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Gerardo Castillo Ceballos, Professor of the School of Education and Psychology of the University of Navarra

The intelligent study

Tue, 26 Feb 2019 09:24:00 +0000 Published in La Razón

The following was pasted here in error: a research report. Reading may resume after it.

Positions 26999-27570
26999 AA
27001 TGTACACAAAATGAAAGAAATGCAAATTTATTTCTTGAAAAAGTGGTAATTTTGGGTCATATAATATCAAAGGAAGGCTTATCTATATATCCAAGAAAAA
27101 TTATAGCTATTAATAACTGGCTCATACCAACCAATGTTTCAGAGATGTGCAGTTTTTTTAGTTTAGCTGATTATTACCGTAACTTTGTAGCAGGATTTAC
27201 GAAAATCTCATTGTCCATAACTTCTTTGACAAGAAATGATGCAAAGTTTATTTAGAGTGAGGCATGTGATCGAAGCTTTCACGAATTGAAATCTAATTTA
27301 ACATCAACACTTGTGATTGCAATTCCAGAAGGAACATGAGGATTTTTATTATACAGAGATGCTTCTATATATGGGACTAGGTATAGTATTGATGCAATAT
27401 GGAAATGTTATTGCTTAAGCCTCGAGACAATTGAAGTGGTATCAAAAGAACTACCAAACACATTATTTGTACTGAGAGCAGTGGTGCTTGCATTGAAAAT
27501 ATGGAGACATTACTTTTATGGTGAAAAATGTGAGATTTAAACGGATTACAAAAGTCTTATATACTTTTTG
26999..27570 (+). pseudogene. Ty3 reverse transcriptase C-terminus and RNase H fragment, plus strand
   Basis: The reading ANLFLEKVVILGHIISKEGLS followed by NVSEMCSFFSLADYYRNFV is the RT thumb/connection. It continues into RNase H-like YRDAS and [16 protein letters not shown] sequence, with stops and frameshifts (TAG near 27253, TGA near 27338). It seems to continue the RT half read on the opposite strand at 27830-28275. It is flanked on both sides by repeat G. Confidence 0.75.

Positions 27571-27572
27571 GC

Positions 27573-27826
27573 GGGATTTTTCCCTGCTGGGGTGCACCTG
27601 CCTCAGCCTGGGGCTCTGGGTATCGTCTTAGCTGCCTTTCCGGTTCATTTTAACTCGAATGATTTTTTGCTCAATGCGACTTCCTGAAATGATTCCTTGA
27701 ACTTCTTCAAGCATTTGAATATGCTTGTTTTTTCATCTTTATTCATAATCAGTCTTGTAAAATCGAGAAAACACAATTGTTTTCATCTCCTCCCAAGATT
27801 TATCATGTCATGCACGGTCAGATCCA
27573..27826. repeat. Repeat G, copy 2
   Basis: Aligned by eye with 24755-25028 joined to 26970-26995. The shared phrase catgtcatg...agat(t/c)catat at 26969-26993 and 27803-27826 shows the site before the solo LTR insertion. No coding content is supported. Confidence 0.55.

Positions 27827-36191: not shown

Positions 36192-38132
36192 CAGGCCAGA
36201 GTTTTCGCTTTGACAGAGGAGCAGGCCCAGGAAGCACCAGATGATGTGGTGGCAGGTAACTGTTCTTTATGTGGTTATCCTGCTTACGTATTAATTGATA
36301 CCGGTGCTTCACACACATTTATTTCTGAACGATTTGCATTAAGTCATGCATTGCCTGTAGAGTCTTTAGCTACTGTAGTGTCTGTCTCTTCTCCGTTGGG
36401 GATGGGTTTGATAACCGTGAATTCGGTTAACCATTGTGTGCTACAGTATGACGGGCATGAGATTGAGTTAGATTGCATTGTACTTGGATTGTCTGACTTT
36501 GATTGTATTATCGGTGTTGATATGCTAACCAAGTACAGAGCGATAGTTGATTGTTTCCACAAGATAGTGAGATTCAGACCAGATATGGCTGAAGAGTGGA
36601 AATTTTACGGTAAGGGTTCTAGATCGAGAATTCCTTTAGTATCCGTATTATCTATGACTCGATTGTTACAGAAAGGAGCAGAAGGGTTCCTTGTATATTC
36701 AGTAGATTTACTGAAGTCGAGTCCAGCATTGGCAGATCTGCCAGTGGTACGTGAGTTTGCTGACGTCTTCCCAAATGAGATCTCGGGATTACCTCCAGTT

Why study? To know more, to be an educated person, with new horizons, freer, with the possibility of making more decisions of my own, among them to be able to choose the degree program and the work that I like the most. To awaken and cultivate "dormant" talents, not to be manipulable and to help others more and better. There is a widespread "unintelligent" study among the students of high school diploma. Some symptoms: to study only when an exam is approaching; to study for approve, not to know; to retain contents not understood or "digested", in an uncritical way. These attitudes are the opposite of those required in subsequent university study, which requires reworking the contents with one's own criteria. On the other hand, they do predispose to those that I propose below. It implies moving from knowledge without thought to thought knowledge, which prevents studying from being a tedious activity. Intelligent" study is not reduced to the acquisition of knowledge. It is a work of the mind that relates what is new to what is already known, thus making learning meaningful. Study should be developed from agreement with the phases of refl exion: finding and defi nition of problems, search for answers; checking the validity of those answers. Harry Maddox formulated the well-known "Robinson method" (EPL2R) consisting of five phases: exploring, questioning, reading, reciting and reviewing. Personal questions and answers throughout each study session predispose to understanding and recall. It is also core topic to structure the content by means of a outline and/or a concept map. For A. Millán Puelles, "learning is not a pure receiving, but a real activity. The increase of knowledge requires that the ignored truths become not only known, but also known".